Now that I've been in the U.S. for four months – on a journalism fellowship for USA TODAY – one thing has become very clear.
Shopping may be the No 1. reason Chinese visitors like myself love America.
Sure, there's the culture, the sightseeing and, in my case, the work I'm doing. But deep down, we also relish the opportunity to get great deals on products that would be unavailable, too expensive or less reliable in China. Coming to the Washington, D.C., area – and to New York City for 10 days – from Tianjin has been like entering a shopper's paradise.
Here's a sampling of what I've bought:
• Vitamin supplements. Buy one and get a 50% discount for the second at CVS, half the price of comparable products in China.
• The latest electric toothbrush. The price is 80% of the old model in China.
• Starbucks ground coffee. My daily sustenance is 60% cheaper than in China.
• Roller and cling film. Although it's made in China, I've never found such good quality there.
• Toys for my tiny Yorkie puppy. Ditto. They're made in China but, I never found such cute ones in my home country.
That doesn't scratch the surface. When you travel to America from China, you have to be prepared to take orders from friends. Here's what mine asked me to bring back: baby food and milk powder from Whole Foods; dry fruit and nuts from Trader Joe's; reading glasses from Dollorama; foot balm from Costco; cold medicine and paper diapers from CVS; calculators from Staples; lip balm and shower gel from Burt's Bees; a Nike's Dynamo Free sneaker; a Zippo lighter; and a Philips electric shaver.
We do buy a lot. A friend who traveled with me bought tampons for the next 12 months.
“The U.S. is the biggest retail market in the world, offering Chinese tourists an unlimited selection of things to buy and places to shop,” says Michael Zakkour, author of “New Retail: Born in China, Going Global” and vice president of Asia strategy and digital commerce at Tompkins International, a supply chain consulting firm.
Three million Chinese tourists visited the U.S. last year, ranking the country fifth, well behind Canada’s 21.2 million. But Chinese visitors spent the most, $36.4 billion, far outpacing Canada’s $22.1 billion, according to the National Travel and Tourism Office.
Chinese spenders have shifted their focus from the luxury goods they used to buy to high-quality but inexpensive everyday consumer products, according to China Daily, a Chinese state-run media outlet.
“Health and wellness products, food and beverage, consumer electronics, baby and child products fill up their suitcases as well,” Zakkour says.
Here's the irony: We Chinese visitors often pay around $2,000 for an airline ticket and $300 a night for a hotel at least partly so we can fill our suitcases with commodities that each cost under $20 on average.
Why do we go to such lengths?
After numerous product and food safety scandals in China in recent years, many Chinese people do not trust domestic products or sales channels. More than 30% of Chinese consumers expect to buy more foreign products, according to a survey by China’s Commerce Ministry in 2018.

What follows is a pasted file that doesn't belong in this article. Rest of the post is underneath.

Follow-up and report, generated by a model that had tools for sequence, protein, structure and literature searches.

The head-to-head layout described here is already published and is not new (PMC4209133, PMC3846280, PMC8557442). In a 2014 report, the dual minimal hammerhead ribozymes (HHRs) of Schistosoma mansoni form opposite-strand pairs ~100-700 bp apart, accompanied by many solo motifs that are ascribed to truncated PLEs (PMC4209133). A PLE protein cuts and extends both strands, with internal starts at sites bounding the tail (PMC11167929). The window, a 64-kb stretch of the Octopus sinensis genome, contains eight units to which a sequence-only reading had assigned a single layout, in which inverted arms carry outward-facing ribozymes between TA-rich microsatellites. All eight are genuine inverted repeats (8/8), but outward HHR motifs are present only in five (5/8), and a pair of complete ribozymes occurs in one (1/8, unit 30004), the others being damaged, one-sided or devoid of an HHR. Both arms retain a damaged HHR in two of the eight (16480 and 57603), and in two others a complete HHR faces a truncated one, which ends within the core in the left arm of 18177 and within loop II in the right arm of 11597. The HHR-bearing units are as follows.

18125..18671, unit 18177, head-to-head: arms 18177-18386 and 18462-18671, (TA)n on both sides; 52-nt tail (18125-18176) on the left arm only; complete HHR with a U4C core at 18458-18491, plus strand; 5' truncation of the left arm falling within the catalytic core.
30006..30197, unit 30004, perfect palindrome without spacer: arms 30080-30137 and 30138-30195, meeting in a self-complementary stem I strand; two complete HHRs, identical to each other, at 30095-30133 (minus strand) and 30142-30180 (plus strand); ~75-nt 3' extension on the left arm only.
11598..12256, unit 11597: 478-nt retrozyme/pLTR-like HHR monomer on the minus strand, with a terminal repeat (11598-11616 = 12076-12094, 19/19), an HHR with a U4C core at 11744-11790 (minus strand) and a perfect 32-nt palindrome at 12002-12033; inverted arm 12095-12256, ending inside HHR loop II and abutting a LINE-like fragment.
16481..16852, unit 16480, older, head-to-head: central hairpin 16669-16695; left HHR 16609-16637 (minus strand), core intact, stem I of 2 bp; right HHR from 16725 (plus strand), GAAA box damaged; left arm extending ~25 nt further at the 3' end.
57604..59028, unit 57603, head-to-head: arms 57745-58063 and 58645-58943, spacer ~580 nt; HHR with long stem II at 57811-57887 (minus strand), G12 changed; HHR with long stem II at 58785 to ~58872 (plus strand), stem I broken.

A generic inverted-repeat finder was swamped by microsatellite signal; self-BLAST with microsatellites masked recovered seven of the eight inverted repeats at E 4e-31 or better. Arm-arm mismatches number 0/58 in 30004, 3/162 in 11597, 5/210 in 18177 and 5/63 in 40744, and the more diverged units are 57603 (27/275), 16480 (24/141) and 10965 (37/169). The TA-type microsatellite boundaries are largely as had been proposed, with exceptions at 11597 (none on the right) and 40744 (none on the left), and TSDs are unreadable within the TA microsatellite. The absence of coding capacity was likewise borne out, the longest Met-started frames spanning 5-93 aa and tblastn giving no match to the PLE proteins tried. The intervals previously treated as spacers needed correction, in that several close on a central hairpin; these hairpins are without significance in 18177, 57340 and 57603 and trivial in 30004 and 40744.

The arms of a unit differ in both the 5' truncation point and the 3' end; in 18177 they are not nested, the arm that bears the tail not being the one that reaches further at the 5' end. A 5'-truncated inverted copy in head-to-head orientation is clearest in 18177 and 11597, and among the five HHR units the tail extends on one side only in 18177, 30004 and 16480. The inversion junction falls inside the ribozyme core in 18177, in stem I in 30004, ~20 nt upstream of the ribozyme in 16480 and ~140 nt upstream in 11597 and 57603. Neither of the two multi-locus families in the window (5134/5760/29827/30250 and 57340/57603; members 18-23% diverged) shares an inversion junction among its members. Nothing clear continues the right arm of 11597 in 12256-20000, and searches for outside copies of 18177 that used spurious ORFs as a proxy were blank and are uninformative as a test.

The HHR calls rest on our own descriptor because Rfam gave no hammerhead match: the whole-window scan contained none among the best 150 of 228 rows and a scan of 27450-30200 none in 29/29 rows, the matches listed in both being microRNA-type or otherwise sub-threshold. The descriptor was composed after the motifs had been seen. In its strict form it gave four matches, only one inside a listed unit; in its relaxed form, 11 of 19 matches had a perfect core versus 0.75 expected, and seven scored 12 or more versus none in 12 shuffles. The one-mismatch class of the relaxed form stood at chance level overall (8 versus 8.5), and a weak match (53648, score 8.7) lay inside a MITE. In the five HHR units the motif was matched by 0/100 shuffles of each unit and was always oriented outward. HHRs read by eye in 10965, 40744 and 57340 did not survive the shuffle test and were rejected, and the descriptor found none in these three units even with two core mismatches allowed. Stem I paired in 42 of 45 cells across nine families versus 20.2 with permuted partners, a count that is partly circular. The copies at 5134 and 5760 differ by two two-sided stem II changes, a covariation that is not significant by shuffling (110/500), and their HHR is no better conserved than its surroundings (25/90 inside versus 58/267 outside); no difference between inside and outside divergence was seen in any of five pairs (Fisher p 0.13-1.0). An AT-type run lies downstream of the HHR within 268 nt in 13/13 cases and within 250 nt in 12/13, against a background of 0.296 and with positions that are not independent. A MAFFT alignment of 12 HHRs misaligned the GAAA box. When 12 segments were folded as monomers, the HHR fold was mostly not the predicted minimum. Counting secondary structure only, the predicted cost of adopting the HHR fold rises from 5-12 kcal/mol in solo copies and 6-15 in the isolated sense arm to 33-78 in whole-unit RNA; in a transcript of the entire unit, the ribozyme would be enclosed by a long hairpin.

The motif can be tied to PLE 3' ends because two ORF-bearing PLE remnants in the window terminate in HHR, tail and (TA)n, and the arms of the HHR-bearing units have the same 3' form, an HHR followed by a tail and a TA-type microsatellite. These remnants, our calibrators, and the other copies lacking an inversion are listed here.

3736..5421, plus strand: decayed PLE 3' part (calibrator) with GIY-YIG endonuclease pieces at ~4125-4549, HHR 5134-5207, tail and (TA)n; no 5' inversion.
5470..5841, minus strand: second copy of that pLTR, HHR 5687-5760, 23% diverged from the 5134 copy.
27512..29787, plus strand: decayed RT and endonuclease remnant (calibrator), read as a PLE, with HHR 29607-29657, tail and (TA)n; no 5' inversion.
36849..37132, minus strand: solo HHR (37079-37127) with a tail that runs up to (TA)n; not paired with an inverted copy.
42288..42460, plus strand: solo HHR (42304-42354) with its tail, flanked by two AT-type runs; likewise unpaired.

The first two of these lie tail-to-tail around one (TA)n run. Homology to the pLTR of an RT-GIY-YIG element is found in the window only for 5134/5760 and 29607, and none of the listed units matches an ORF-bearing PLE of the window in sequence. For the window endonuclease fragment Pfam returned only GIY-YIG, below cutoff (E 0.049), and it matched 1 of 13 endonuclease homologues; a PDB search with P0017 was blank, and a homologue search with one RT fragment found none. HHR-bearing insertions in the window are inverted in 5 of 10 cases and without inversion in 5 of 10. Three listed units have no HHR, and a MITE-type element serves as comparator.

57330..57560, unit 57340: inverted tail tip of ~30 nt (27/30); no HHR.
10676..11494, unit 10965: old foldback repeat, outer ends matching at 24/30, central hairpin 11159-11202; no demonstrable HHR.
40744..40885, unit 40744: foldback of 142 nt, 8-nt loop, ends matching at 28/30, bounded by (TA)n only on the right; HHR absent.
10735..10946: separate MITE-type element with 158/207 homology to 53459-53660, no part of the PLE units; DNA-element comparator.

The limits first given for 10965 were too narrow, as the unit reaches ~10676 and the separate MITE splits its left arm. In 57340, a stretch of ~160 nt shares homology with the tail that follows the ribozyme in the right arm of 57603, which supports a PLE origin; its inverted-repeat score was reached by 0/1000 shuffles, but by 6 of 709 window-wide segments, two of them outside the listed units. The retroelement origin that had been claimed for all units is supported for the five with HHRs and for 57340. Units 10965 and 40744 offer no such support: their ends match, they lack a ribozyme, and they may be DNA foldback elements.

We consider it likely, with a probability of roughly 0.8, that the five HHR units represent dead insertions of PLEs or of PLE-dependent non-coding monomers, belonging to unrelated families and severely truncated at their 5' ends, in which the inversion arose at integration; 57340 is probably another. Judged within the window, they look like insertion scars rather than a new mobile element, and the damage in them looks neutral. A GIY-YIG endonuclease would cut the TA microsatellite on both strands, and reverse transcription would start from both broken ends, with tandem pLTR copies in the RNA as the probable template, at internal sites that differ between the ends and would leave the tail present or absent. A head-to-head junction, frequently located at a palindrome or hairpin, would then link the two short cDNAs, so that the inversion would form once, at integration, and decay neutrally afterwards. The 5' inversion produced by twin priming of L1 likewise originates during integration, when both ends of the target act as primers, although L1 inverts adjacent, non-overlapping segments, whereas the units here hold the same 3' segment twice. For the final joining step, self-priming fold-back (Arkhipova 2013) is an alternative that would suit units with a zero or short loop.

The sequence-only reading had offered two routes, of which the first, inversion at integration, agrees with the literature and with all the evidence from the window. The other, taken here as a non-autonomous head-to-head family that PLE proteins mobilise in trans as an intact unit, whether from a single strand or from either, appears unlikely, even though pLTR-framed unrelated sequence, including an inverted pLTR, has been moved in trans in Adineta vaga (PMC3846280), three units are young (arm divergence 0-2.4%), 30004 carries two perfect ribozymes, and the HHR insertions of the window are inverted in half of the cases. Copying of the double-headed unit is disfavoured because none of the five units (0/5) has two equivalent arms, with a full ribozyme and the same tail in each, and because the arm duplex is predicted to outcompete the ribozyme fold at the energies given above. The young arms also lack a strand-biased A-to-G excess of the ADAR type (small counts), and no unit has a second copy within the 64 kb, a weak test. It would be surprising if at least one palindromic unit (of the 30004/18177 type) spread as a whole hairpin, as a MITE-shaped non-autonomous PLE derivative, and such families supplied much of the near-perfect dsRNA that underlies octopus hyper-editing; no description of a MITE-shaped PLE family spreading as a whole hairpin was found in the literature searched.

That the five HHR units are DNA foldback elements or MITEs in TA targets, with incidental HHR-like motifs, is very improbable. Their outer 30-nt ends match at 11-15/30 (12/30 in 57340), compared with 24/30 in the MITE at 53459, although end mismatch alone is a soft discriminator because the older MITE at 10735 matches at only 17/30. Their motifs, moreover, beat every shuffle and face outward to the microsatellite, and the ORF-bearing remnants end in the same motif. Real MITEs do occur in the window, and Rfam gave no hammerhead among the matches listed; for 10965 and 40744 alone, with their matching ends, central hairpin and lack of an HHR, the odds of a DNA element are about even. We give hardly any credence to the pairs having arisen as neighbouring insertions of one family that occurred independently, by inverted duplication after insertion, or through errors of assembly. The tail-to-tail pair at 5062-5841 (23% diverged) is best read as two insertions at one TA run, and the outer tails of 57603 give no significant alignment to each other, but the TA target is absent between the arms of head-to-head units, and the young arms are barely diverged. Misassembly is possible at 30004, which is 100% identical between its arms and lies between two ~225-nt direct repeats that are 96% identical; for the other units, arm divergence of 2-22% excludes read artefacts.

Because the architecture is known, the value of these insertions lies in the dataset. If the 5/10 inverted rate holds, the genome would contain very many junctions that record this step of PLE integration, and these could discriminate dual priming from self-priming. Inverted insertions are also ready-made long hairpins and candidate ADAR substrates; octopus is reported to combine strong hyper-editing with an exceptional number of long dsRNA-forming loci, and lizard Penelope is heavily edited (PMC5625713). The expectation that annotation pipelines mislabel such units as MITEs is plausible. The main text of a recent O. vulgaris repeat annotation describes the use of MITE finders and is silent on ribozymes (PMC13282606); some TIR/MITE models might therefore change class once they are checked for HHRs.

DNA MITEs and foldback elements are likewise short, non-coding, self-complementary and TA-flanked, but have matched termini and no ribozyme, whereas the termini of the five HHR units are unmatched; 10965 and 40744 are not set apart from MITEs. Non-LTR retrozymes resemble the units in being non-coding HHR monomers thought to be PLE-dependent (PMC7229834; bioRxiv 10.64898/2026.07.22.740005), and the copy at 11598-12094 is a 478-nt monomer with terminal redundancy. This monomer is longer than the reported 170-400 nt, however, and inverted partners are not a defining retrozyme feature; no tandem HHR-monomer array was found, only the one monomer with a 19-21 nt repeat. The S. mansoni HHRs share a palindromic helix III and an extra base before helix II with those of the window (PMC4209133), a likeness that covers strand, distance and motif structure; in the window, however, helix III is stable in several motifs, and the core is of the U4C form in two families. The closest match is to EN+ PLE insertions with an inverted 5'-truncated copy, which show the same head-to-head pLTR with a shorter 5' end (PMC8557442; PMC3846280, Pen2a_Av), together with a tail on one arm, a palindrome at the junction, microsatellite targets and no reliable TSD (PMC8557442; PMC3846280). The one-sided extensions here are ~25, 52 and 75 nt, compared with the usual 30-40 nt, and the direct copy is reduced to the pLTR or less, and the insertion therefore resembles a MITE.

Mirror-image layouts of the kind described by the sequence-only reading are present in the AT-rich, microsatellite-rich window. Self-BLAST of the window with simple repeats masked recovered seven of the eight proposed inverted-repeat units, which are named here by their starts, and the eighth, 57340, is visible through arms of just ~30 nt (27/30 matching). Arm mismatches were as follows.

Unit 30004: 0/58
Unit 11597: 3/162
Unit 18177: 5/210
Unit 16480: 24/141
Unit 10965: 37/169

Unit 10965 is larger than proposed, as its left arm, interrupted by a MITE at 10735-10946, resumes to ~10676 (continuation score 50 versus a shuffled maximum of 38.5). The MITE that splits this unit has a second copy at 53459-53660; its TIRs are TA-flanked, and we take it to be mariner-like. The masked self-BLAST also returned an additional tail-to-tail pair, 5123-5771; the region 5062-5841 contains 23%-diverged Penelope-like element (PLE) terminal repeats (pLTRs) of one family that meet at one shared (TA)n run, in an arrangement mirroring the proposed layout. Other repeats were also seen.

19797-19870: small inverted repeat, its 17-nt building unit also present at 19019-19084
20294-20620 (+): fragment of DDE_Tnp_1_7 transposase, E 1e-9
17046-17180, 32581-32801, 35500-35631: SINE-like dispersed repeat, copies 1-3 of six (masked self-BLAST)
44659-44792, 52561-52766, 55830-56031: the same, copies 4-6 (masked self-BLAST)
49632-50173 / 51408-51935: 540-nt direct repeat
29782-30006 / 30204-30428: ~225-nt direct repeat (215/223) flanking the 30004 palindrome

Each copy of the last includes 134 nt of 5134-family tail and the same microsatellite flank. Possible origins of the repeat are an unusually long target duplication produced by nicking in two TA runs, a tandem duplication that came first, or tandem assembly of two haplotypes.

Safety and quality are the main concerns, the survey shows. For example, the country’s demand for safe baby food has grown rapidly since Chinese infant formula killed six babies and made 300,000 sick.
“Even now, when Chinese producers have improved, the damaged reputation remains,” ModusLink said in its research. The fear is deep-rooted in China, and we believe the U.S. is a trusted source.
On Chinese social media, there are many must-buy lists to guide young parents on how to shop for baby food in American supermarkets. The Baby’s Only Organic is at the top. “Other best sellers:Enfamil, Similac, Gerber and Earth’s Best.
International brands and products cost more in China because of taxes and duties. China has high import tariffs that range from 6.4% to 25%. Then there's a consumption tax, a sales tax and a value-added tax. As a result, most American brands cost more in China even if they're made there.
I treat an American shopping center like a discount mall even if nothing is on sale. I buy a lot and save lots of money.
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The Great Firewall
China established “The Great Firewall” more than a decade ago, limiting access to many foreign information sources. We can’t visit Google, Facebook, Twitter, Instagram, Wikipedia and most American news websites from mainland China. Yes, we can buy goods from Amazon or other e-commerce sites, but the taxes make it prohibitive. Traveling abroad is a significant way for us to get a real connection with the outside world, and shopping is part of that.
Owning international brands and products is not only a matter of prestige – it confirms we are still global citizens.
This article originally appeared on USA TODAY: Shopping in the U.S.: Here's what Chinese tourists buy and why